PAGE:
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New Discovery in Peanut Defense Mechanisms Offers Hope for Disease Resistance

New Discovery in Peanut Defense Mechanisms Offers Hope for Disease Resistance

Media Release

The discovery of a natural defense mechanism in peanut that resists fungal infection holds promise for the future development of disease-resistant peanut varieties. Peanut, an economically significant oilseed, is vulnerable to Aspergillus infection and subsequent aflatoxin contamination.

A recent study by ICRISAT researchers delved deeper into the natural resistance exhibited by select peanut varieties and uncovered the biochemical processes that lead to the thickening of the secondary cell wall, providing greater resistance to the fungal infection caused by Aspergillus flavus

Aflatoxin, a potent carcinogen and toxin, accumulates in a variety of food crops such as cereals, oilseeds, pulses, and nuts due to infection by Aspergillus species. Aflatoxin contamination poses a significant global challenge, impacting food safety, human health, and the economy.

Strict government regulations on the permissible levels of aflatoxin in food commodities significantly impact the food market and export economies, especially in developing countries. While various physical and chemical methods exist to combat, minimize and manage aflatoxin contamination, developing more resistant varieties offers the most economical solution by addressing the problem at its root.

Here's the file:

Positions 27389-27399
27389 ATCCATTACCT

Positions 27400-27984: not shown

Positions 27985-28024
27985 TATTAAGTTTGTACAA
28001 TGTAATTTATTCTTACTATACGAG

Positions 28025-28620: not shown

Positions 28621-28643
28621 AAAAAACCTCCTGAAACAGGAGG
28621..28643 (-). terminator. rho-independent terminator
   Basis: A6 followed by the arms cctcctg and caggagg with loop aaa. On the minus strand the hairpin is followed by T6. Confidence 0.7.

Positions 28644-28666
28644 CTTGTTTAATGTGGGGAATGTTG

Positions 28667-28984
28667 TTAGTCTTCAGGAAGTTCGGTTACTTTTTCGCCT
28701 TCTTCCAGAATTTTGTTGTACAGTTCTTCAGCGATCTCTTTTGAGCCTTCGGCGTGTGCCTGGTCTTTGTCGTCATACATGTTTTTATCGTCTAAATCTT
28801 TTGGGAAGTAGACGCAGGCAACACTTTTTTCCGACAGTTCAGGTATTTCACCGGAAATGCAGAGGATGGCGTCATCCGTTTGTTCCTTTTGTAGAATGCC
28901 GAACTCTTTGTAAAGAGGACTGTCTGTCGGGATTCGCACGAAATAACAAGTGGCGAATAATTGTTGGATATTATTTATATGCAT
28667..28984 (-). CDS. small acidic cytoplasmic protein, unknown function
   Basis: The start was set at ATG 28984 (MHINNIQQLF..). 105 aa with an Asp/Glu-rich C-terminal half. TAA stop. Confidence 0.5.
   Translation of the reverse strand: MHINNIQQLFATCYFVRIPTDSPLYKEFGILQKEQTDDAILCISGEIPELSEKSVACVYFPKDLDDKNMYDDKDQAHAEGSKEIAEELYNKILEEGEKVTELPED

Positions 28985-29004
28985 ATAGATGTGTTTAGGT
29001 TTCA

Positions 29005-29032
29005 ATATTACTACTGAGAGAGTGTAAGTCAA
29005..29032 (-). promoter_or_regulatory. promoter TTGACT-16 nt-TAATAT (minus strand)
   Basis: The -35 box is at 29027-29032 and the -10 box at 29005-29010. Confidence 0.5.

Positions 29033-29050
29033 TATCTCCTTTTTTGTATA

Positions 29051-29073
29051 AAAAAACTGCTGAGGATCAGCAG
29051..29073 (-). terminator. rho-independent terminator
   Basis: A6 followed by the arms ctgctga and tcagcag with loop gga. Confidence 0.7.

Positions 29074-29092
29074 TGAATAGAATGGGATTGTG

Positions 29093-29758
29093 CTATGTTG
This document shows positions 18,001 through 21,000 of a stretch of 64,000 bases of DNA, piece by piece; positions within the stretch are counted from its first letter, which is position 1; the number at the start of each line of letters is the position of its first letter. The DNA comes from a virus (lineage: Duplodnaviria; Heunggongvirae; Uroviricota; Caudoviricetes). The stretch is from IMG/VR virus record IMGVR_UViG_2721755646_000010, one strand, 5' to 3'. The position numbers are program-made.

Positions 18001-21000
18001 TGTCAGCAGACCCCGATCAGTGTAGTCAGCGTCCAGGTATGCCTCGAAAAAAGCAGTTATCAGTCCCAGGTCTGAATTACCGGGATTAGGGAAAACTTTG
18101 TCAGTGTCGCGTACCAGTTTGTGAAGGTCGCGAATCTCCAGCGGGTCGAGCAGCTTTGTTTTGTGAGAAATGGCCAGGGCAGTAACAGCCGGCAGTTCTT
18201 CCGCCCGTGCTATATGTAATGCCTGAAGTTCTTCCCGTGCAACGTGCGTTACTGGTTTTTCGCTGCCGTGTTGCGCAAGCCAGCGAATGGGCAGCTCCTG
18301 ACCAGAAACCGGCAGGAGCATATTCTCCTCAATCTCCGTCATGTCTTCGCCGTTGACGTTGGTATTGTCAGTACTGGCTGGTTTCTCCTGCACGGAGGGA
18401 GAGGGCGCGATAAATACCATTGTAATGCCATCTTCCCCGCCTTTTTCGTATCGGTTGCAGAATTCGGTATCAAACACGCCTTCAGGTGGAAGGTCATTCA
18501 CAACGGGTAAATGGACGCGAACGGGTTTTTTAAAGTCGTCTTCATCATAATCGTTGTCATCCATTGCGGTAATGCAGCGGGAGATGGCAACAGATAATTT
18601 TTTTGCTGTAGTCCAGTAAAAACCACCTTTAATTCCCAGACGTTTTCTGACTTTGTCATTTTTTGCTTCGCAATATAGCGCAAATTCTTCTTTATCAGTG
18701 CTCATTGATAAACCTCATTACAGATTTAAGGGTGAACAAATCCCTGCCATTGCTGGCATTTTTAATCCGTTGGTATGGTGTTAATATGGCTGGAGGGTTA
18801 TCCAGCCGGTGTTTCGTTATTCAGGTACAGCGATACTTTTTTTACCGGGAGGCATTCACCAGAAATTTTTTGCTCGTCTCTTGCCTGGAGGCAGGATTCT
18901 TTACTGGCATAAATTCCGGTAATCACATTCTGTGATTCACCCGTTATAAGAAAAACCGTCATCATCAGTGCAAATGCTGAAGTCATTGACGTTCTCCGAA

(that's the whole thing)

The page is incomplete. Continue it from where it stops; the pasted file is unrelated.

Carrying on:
This study offers insights that will be pivotal for breeding groundnut varieties that are fully resistant to Aspergillus infection in the future.  

Dr Jacqueline Hughes, Director General of ICRISAT, highlighted the organization's over 50 years' experience in managing aflatoxin contamination.

“ICRISAT's efforts, ranging from low-cost aflatoxin detection assays to post-harvest management practices, have revitalized export economies, particularly in Malawi. This study is crucial for advancing research aimed at eliminating the issue at its source, saving both cost and effort,” said Dr Hughes.
Fluorescent microscope images depicting secondary cell wall thickening in resistant groundnut variety (left) and susceptible variety (right)
Fluorescent microscope images depicting secondary cell wall thickening in resistant groundnut variety (left) and susceptible variety (right)

For this study, ICRISAT researchers used a metabolomics-based systems biology approach to understand the biochemistry behind increased peanut resistance to Aspergillus infection for the first time. The study reports the linkage between two specific metabolites and the level of resistance exhibited by peanut varieties.

The two key metabolites, hydroxycinnamic acid amides (HCAAs) and lignin precursor levels were higher in the resistant genotype. These compounds strengthen the secondary cell wall, providing a physical and chemical barrier against infection.

“The findings of this study highlight the important role secondary thickening of cell walls plays in reducing infection of seed in the field. If we can combine this with other mechanisms, which further decrease infection in peanut, we can really begin to move towards an aflatoxin-free peanut, ensuring the production of safe, toxin-free food,” stated Dr Sean Mayes, Global Research Program Director – Accelerated Crop Improvement.